Experts explain effects of radioactive water at Fukushima — Finding the Missing Link (several authors)

Included in the linked article below, here are some useful pieces of information and tips about water contaminated by radiation.

“Nine Medical Implications of Tritium-contaminated Water

by Helen Caldicott, M.D.

(1) There is no way to separate tritium from contaminated water. Tritium, a soft beta emitter, is a potent carcinogen which remains radioactive for over 100 years. It concentrates in aquatic organisms including algae, seaweed, crustaceans and fish. Because it is tasteless, odorless and invisible, it will inevitably be ingested in food, including seafood, over many decades. It combines in the DNA molecule – the gene – where it can induce mutations that later lead to cancer. It causes brain tumors, birth deformities, and cancers of many organs. The situation is dire because there is no way to contain this radioactive water permanently and it will inevitable leak into the Pacific Ocean for over 50 years or longer along with many other very dangerous isotopes including cesium 137 which lasts for 300 years and causes very malignant muscle cancers –rhabdomyosarcomas, strontium 90 which also is radioactive for 300 years and causes bone cancers and leukemia, amongst many other radioactive elements.

(2) All cancers can be induced by radiation, and because much of the land in Fukushima and beyond is contaminated, the food – tea, beef, milk, green vegetables, rice, etc. – will remain radioactive for several hundred years.

(3)  “Cleanup” is a misnomer, radioactively contaminated soil, timber, leaves, and water cannot be decontaminated, just possibly moved to another site there to contaminate it.

(4)  Incineration of radioactive waste spreads the cancer-inducing agents to other areas including non-contaminated areas of Japan.

(5) Cancers have a long incubation period – 2 to 80 years after people eat or breath radioactively contaminated food or air.

(6) The IAEA says that decommissioning of these reactors will take 50 to 60 years and some people predict that this mess will never be cleaned up and removed.

(7) Where will Japan put this highly radioactive melted fuel, fuel rods and the like? There is absolutely no safe place to store this deadly material (that must be isolated from the exosphere for one million years according to the US EPA) on an island that is riven by earthquakes.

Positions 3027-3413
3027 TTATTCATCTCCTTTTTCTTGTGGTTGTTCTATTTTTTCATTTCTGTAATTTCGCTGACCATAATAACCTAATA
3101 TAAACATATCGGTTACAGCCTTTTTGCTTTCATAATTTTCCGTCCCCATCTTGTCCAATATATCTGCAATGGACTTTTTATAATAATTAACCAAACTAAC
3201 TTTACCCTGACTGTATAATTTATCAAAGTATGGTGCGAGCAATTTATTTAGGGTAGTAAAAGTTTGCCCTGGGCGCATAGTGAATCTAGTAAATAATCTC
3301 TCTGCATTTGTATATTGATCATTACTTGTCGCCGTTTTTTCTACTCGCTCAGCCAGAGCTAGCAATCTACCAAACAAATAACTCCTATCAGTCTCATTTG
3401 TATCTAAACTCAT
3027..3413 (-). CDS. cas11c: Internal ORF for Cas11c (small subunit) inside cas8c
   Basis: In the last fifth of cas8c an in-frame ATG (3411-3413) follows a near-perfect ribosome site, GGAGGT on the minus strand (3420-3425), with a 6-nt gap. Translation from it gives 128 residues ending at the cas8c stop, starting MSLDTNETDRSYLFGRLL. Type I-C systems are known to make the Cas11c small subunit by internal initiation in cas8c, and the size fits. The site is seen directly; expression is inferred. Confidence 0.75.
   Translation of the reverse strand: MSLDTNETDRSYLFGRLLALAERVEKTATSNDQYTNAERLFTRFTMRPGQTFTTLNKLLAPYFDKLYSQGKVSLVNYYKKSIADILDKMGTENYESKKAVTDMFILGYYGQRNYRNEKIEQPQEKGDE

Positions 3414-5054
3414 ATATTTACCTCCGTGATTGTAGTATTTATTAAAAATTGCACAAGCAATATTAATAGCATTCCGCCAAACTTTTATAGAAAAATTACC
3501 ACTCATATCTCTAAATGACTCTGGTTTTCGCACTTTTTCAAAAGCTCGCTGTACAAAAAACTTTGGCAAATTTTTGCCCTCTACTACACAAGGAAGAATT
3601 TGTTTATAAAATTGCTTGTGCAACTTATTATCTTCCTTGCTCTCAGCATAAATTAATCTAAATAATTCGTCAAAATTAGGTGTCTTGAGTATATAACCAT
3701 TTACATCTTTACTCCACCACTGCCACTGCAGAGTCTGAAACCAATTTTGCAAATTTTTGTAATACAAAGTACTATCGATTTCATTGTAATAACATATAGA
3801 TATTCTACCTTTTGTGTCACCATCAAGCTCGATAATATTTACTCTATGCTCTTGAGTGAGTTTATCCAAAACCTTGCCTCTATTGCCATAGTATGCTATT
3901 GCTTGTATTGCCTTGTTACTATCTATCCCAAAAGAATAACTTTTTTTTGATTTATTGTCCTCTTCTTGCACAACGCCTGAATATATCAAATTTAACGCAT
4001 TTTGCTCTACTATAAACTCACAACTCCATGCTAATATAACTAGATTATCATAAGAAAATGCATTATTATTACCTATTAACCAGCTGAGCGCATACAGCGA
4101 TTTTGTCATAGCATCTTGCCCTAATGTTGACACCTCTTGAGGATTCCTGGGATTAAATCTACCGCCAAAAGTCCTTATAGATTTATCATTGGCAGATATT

(8) As these radioactive elements continually seep into the water and the ocean and are emitted into the air the incidence of congenital deformities, cancer and genetic defects will inevitably increase over time and into future generations.

(9) Children are 10 to 20 times more sensitive to the carcinogenic effects of radiation than adults (little girls are twice as sensitive as boys) and fetuses are thousands of times more sensitive – one X ray to the pregnant abdomen doubles the incidence of leukemia in the child.”

For a further taste of this article, read the introduction by Akio Matsumura:

“Contaminated water is posing a new problem at the Fukushima site. Tepco must continue to cool the irradiated fuel rods, but has not devised a permanent and sustainable disposal process for the highly radioactive contaminated water that results. While they have a process that can remove much of the radiation from the water, some elements like tritium – a carcinogen – cannot be removed and is concentrating at magnitudes much higher than is legal. Tepco wants to spill the water into the Pacific Ocean in order to dilute the tritium levels to legal amounts, but fishermen skeptical of the power company oppose the move. Meanwhile, Tepco is storing the contaminated water in tanks. Unsurprisingly, those tanks are leaking (NYT). They admit they will eventually run out of space for the storage tanks.

Management of the contaminated cooling water has come to be the most demanding and dangerous issue that Tepco has faced since 2011.”

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One Japanese citizen’s view of Fukushima anarchy — Toshio Nishi, Ph.D.

I highly recommend you read this article. Toshi Nishi, Ph.D.,  a graduate from Kwansei Gakuin University and the University of Washington and professor at Nihon University in Tokyo, offers a clear, honest critique on the corruption and economic strategy of the nuclear industry in Japan and its socio-economic impacts.

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